A child’s plea: ‘Please, please be careful with how you drive’

With poster board-sized pictures of wrecked cars and bumper sticker-sized car magnets with the message #DrivingItHome, Prince George's County Council Member Monique Anderson-Walker and Fire Chief Benjamin Barksdale helped launch the countywide initiative at Oxon Hill High School on Friday.

After a series of serious and deadly crashes along Maryland Route 210/Indian Head Highway in Oxon Hill, Maryland, county leaders are trying something different: launching a safety campaign that targets the younger generation.

“We’re calling it ‘Driving It Home’ because we’re really focused on driving home the message of safety, changing the culture of driving; no road is dangerous; it is people making bad decisions,” Prince George’s Council council member Monique Anderson-Walker (District 8) said.

With poster board-sized pictures of wrecked cars and bumper-sticker-sized car magnets with the message #DrivingItHome, Anderson-Walker and Prince George’s County Fire Chief Benjamin Barksdale helped launch the countywide initiative by addressing an assembly of students at Oxon Hill High School on Friday.

They seem to have made an impression on at least some students.

“I’m supposed to wear my seat belt, never text and drive, never drive intoxicated and always make sure I’m focused and not distracted with people in my car,” senior Liana Tate, 17, said.

The safety message reinforced a lesson senior Channing Neal, 17, learned early. When she was a child, she and her family were in a wreck that injured both her mother and brother. She said their car was rear-ended by a distracted driver, who stumbled from his vehicle looking dazed and saying he was overtired.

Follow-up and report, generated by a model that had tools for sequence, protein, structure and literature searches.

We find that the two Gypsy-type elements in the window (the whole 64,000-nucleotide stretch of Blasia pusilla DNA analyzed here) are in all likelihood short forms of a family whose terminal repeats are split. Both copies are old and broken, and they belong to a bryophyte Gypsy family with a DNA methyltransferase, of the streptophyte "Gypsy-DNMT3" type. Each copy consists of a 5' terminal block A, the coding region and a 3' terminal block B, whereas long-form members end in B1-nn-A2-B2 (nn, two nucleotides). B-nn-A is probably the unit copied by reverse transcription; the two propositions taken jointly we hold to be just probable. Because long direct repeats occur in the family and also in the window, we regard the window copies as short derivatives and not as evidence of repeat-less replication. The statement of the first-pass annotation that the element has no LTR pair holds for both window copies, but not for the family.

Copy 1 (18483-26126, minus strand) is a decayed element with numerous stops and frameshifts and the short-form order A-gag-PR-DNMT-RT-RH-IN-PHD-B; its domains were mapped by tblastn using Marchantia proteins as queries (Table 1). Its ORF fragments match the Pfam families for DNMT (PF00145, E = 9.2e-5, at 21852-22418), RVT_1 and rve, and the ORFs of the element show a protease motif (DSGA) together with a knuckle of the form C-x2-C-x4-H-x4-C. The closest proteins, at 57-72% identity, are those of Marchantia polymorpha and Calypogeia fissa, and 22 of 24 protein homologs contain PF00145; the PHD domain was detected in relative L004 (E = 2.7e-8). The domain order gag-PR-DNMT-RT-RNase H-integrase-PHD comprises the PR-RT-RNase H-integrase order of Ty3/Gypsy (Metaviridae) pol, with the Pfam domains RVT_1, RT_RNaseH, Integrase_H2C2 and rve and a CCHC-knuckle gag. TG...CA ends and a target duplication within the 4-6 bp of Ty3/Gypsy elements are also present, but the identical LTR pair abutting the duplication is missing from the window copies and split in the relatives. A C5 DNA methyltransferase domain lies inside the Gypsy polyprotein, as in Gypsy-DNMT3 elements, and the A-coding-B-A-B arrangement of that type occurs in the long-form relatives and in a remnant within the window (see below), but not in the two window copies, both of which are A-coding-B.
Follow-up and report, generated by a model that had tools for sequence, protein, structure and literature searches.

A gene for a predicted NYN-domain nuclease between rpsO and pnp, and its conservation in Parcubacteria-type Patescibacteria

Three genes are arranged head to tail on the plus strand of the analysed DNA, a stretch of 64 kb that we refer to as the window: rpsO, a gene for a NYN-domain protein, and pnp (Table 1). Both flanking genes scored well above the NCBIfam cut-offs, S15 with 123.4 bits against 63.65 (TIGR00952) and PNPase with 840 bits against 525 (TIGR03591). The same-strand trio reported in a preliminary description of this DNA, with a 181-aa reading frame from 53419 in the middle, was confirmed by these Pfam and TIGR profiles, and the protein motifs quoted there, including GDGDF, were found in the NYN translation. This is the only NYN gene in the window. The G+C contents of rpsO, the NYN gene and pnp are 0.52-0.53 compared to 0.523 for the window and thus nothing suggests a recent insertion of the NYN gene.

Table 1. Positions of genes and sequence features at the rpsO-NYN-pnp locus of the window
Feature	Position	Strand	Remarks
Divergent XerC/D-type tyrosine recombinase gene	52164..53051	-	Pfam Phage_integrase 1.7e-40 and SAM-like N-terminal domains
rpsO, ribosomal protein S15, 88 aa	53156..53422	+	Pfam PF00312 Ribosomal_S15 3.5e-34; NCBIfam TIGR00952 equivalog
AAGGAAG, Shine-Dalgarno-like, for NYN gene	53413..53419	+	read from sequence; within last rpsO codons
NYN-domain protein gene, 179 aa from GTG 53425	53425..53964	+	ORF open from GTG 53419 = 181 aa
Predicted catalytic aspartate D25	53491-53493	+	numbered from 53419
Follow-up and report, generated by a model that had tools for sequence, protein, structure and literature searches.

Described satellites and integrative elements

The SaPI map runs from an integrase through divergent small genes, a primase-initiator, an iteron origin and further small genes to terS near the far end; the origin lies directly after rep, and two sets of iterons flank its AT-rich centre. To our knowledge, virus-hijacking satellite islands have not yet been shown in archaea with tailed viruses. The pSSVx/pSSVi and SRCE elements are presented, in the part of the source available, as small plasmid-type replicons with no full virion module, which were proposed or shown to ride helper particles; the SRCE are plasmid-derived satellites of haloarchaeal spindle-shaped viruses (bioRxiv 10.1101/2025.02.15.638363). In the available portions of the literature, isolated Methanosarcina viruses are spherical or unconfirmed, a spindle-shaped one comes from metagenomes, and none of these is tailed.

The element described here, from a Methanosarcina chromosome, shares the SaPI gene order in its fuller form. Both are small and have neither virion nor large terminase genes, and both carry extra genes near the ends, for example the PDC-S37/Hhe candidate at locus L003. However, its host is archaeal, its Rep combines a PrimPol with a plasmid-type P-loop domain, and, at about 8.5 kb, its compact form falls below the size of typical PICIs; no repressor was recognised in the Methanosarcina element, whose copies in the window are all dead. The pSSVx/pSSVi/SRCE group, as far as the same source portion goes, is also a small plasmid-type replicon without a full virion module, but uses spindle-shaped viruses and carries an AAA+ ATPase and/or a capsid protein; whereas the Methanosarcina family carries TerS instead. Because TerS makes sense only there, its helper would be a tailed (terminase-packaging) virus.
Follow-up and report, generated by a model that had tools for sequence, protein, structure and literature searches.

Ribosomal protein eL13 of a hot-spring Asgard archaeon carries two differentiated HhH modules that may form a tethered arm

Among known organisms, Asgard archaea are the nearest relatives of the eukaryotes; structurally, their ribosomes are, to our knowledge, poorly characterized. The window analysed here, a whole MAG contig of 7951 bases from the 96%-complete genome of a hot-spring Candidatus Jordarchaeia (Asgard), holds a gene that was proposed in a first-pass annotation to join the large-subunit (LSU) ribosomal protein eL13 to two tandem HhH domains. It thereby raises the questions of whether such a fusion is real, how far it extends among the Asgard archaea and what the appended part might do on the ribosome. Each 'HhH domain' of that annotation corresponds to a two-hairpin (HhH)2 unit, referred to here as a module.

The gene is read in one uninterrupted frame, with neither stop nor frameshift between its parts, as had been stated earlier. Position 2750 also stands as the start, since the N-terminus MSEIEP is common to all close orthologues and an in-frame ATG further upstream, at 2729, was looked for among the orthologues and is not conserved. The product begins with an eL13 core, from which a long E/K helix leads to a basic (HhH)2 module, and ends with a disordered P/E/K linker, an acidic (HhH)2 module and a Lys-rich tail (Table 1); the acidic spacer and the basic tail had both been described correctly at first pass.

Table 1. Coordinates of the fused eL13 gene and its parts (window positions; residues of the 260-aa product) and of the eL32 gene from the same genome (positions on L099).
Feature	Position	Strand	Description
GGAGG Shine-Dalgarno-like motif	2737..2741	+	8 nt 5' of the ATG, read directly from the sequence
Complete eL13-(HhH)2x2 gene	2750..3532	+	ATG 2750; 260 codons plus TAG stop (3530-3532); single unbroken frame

“Please, please be careful with how you drive and take into account the lives of others,” Tate said when asked what her message to fellow youth would be. “It’s not just about you. It’s about everybody around you.”

Barksdale told students how difficult it is for first responders who go to preventable wrecks, where people are seriously injured or hurt so badly that they can’t be saved.

“Many times, we arrive on the scene and kids have been ejected from the vehicle, and it was simply because they were not wearing their seat belts,” Barksdale said. “So they’re lying there. There’s nothing that we can do. The first responder then begins to reflect on their (own) family, or the individual who won’t be going home to their family. All that has a psychological impact on the responders.”

Five children, between the ages of 5 and 15 who were all related were killed last month in a wreck on U.S. 301 in Prince George’s County. None of the children was properly restrained, all were ejected from the vehicle.

“Our people were there, and there was nothing that they could do,” he said. Barksdale said there are systems in place to help people process difficult emotions from tragic events, but first responders would be healthier and better off not having to be exposed to those types of situations.

Barksdale said he hopes students go home and tell their parents what they heard.

“The fire chief was here today. He spoke to us about driving safely. We need to wear our seat belts …” or maybe a kid tells a parent saying, ” … You shouldn’t be texting and driving; you’re setting poor examples.”

“That’s how we change the behavior,” Barksdale said. “That’s how we change the culture.”

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